For Canadian philanthropist and mining engineer Pierre Lassonde, four simple elements determine success – passion, experience, speed and trust.
His simple and very clear message during Friday’s Spring Convocation ceremonies: “Be a PEST!” He delivered this advice to graduands of the Lassonde School of Engineering and the Faculty of Science.
Lassonde was on the convocation stage to accept an honorary doctor of laws degree from York University.
“If you’re going to remember only one thing from my speech it is that I told you to be a PEST, which stands for passion, experience, speed and trust,” he told graduands and their families. The acronym, he said, came from his son’s business partner and is used to evaluate prospective high-technology startup management.
“I got to thinking about your graduation and the fact that you are facing the startup of your working life, your career, and that ‘yes to be a PEST’ was entirely appropriate advice,” he said.
Lassonde was honoured by York University for his tremendous accomplishments to Canadian business and his philanthropic generosity to education and the arts. York’s new Lassonde School of Engineering bears his name as does a building on the Keele campus. In addition to being the co-founder of Franco-Nevada Mining Corp., a leading global gold royalty and stream company, Lassonde has served as the chair of the Quebec National Museum of Fine Arts since 2005. He is the recipient of numerous honours, including being made a member of the Order of Canada in 2002 and an officer of the Quebec Order in 2008. He was inducted into the Canadian Mining Hall of Fame in January 2013.
“Passion is important for what you do, for the people you love, for the dreams you want to turn into reality,” he said. “If you’re passionate about what you do, you will not work a day in your life and you will get paid to have fun. Isn’t that incredible?”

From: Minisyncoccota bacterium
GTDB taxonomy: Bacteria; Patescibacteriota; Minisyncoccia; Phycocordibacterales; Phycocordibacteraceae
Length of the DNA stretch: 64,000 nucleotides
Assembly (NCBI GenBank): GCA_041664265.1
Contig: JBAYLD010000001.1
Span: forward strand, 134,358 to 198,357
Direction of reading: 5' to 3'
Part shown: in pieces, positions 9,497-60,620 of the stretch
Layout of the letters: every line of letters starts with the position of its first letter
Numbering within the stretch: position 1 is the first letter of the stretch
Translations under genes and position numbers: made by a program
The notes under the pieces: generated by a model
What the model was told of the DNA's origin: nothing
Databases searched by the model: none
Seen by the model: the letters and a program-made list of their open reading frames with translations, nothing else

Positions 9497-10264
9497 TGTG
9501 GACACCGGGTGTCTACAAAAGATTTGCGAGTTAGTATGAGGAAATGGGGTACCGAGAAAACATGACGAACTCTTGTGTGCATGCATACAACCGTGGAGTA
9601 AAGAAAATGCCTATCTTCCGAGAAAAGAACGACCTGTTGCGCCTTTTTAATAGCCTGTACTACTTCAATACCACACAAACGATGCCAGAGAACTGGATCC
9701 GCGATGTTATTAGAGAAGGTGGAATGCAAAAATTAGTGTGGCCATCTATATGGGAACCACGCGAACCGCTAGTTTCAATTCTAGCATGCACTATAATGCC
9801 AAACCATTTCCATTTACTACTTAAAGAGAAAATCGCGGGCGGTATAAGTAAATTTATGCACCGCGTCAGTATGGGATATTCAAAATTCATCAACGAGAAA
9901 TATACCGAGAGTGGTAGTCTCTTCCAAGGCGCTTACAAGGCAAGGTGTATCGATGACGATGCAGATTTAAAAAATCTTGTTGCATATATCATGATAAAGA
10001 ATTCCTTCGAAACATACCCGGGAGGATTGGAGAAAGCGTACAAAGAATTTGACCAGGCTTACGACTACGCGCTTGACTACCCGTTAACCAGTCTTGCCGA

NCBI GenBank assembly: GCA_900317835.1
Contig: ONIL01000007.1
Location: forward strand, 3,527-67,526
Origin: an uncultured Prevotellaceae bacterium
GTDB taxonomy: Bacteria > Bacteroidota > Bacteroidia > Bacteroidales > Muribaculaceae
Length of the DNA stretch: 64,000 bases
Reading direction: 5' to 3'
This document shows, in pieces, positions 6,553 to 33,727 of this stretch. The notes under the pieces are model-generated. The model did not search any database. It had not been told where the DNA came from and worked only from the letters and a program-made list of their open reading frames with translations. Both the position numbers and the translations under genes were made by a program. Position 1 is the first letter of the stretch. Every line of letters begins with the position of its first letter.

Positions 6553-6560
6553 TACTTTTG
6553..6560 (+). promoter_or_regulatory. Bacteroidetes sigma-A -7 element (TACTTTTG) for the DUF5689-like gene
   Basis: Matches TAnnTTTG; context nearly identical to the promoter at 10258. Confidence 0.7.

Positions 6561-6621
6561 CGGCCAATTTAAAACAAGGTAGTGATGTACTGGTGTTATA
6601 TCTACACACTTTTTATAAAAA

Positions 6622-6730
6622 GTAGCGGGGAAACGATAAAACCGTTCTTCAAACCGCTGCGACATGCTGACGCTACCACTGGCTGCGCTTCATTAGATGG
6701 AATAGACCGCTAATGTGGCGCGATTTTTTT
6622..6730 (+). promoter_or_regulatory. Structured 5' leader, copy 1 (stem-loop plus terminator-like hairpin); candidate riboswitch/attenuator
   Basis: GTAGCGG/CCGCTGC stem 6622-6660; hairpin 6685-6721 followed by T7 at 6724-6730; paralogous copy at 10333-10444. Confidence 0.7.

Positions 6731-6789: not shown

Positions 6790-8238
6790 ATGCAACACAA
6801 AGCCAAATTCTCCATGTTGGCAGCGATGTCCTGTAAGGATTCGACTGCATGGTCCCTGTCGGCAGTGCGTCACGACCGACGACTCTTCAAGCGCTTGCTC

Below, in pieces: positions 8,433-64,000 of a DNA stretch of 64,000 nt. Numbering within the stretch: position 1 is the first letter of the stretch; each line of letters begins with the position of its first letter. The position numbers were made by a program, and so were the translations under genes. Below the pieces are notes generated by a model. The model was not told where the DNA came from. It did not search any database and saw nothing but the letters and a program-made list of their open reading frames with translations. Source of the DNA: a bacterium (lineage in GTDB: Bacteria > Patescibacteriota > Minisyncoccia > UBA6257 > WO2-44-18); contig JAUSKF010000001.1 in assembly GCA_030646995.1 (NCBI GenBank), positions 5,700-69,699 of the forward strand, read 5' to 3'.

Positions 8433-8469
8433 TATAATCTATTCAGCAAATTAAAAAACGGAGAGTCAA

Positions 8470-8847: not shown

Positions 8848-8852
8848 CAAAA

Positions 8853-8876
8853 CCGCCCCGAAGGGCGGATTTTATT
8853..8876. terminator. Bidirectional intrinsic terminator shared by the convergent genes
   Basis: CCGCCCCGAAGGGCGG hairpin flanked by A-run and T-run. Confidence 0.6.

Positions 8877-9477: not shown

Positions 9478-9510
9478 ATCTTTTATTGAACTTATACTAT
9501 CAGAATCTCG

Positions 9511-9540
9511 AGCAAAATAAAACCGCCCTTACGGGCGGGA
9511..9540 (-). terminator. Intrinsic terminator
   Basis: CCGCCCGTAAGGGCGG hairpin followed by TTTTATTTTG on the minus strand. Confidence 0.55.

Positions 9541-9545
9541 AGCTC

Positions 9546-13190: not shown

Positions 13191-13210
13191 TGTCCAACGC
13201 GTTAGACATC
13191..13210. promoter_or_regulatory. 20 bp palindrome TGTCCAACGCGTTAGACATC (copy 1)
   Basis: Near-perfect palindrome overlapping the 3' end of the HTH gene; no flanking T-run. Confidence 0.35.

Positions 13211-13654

Experience requires hours – some 10,000 hours, said Lassonde, quoting Outliers by Malcom Gladwell. “To be world class at anything, be it sports, music, computer programming, whatever it is that you want to do, you need 10,000 hours of practice.” He told graduands that he started at 36 years of age, after contemplating a career in architecture, enrolling in an engineering degree and eventually finding his passion in gold. “I never looked back. My 10,000 hours I did after I graduated. Make a plan, be flexible and get on with it!”
Speed is important. “The next five years will come and go just as fast. Get on with it,” he said.
Key to the four elements is trust, said Lassonde, because it is a fundamental building block for a successful life.
“Trust is defined as the reliance or confidence in the integrity, strength, ability and surety of a person or an institution. It starts at the family level, extends to your work place and goes all the way up to our country’s judicial system, our police, our health-care system,” he said.
“Show your partner, your boss, your clients, your bankers, your friends and family that you can be trusted. It’s a gift to yourself.”
York University’s 2014 Spring Convocation ceremonies are streamed live and then archived online.
To view Lassonde’s convocation address, visit the York University convocation website.